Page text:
In a sport in which lily-gilding can be a compulsion, Black Caviar stands so impressively no embellishment is required.
Good parentage, good looks, a massive heart, an unrivalled will-to-win and a talent that made her unbeatable.
And a trainer and owners who on Wednesday did exactly the right thing.
In a whimsical, roundabout way, Neil Werrett, the man who brought Black Caviar's owners together, announced his horse had run its last race.
"Our lovely horse, our wonderful horse, as you can see, has never looked better. She's even had her nails painted," Werrett said.
"... today we want to announce she is retiring."
And then he choked on a tear, leaving Moody to tell the last few lines of one of those stories that racing does so well.
Black Caviar is a horse that cost a bit of money - $210,000.
Moody bid for her on spec at the Melbourne sales in 2007 and later got Werrett interested.
Werrett in turn invited some friends for a weekend on a houseboat on the Murray where they split the horse into nine bits.
As Black Caviar became the greatest horse to race in Australia in almost a century, Werrett never flinched from his belief that sharing her, and the $8 million she won, was the only way he would have wanted it.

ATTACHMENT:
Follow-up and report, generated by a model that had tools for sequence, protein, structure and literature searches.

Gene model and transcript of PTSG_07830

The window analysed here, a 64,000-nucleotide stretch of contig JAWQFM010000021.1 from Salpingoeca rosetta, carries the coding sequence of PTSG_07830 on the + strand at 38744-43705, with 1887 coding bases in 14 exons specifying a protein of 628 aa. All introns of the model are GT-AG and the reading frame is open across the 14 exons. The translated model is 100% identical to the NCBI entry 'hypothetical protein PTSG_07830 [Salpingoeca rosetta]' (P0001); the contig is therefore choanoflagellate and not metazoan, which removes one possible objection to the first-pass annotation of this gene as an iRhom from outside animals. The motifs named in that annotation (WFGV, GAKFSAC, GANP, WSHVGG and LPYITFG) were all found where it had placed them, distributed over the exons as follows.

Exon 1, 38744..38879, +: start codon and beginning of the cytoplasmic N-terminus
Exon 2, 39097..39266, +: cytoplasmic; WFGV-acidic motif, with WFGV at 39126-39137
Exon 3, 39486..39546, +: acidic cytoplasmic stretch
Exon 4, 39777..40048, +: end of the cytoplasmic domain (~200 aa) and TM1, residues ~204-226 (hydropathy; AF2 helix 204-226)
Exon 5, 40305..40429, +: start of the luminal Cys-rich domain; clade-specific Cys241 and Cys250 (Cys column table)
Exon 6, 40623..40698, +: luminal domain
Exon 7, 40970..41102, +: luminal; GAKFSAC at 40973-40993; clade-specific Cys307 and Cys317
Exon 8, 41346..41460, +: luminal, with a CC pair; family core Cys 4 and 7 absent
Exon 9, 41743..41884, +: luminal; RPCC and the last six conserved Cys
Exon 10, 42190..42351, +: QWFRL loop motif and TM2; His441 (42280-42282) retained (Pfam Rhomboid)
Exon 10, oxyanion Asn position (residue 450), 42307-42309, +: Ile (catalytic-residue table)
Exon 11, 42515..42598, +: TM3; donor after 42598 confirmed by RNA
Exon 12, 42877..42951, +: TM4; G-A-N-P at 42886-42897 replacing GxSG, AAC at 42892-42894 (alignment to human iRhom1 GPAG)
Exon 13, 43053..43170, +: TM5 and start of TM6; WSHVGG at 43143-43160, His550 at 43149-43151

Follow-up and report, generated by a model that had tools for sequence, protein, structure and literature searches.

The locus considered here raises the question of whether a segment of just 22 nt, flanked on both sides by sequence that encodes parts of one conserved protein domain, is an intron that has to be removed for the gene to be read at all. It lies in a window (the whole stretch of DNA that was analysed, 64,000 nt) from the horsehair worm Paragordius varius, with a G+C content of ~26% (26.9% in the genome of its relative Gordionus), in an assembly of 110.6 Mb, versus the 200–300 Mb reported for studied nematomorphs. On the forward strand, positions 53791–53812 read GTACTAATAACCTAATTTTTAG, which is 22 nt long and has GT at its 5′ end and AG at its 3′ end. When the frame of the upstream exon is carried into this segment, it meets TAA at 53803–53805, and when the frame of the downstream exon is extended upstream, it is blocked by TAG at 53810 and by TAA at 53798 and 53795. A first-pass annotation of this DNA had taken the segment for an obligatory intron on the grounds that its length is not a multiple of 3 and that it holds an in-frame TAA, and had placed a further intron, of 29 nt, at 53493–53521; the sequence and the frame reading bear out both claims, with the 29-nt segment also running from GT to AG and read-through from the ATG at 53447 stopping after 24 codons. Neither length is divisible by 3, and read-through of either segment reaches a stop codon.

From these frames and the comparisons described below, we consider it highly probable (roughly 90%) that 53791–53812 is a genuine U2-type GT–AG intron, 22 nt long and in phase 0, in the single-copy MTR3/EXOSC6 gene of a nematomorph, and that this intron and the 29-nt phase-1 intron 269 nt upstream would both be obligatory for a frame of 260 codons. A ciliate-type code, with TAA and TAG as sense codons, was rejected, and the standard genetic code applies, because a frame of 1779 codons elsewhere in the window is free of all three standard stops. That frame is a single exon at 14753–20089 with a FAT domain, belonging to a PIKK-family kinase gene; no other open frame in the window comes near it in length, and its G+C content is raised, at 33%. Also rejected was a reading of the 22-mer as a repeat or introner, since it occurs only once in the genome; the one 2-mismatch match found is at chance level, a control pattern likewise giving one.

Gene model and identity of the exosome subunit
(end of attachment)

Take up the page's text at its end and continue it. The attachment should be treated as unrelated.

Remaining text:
"We've had a lot of lunches together and I'm glad we're all still together today as better friends than when we started out," he said.
Even the decision to retire the world's best sprinter while she is at the peak of her powers was a unanimous one.
Werrett said the owners and Moody had been grappling with the retirement question since Black Caviar returned, injured from Royal Ascot last June.
But it is the way of horses like Black Caviar that they overcome.
From scrambling over the line at Ascot to knocking over a field last weekend that bragged it was the best she'd ever met, Black Caviar did what she done 24 times previously. She ran faster for longer than any of her opposition and made good horses fall apart.
Black Caviar retires from racing as the most highly-ranked sprinter the world has ever known, as Australia's most prolific winner of Group One races and the holder of the country's longest unbeaten sequence.
Early next spring she will visit a carefully-selected stallion, an encounter over which Moody has concerns.
"She might need someone to hold her hand when she gets bitten on the back of the neck for the first time," he said.
Eleven months later Black Caviar will produce a foal that won't be sold but will be raced by her owners.
And, they hope, the story will start again.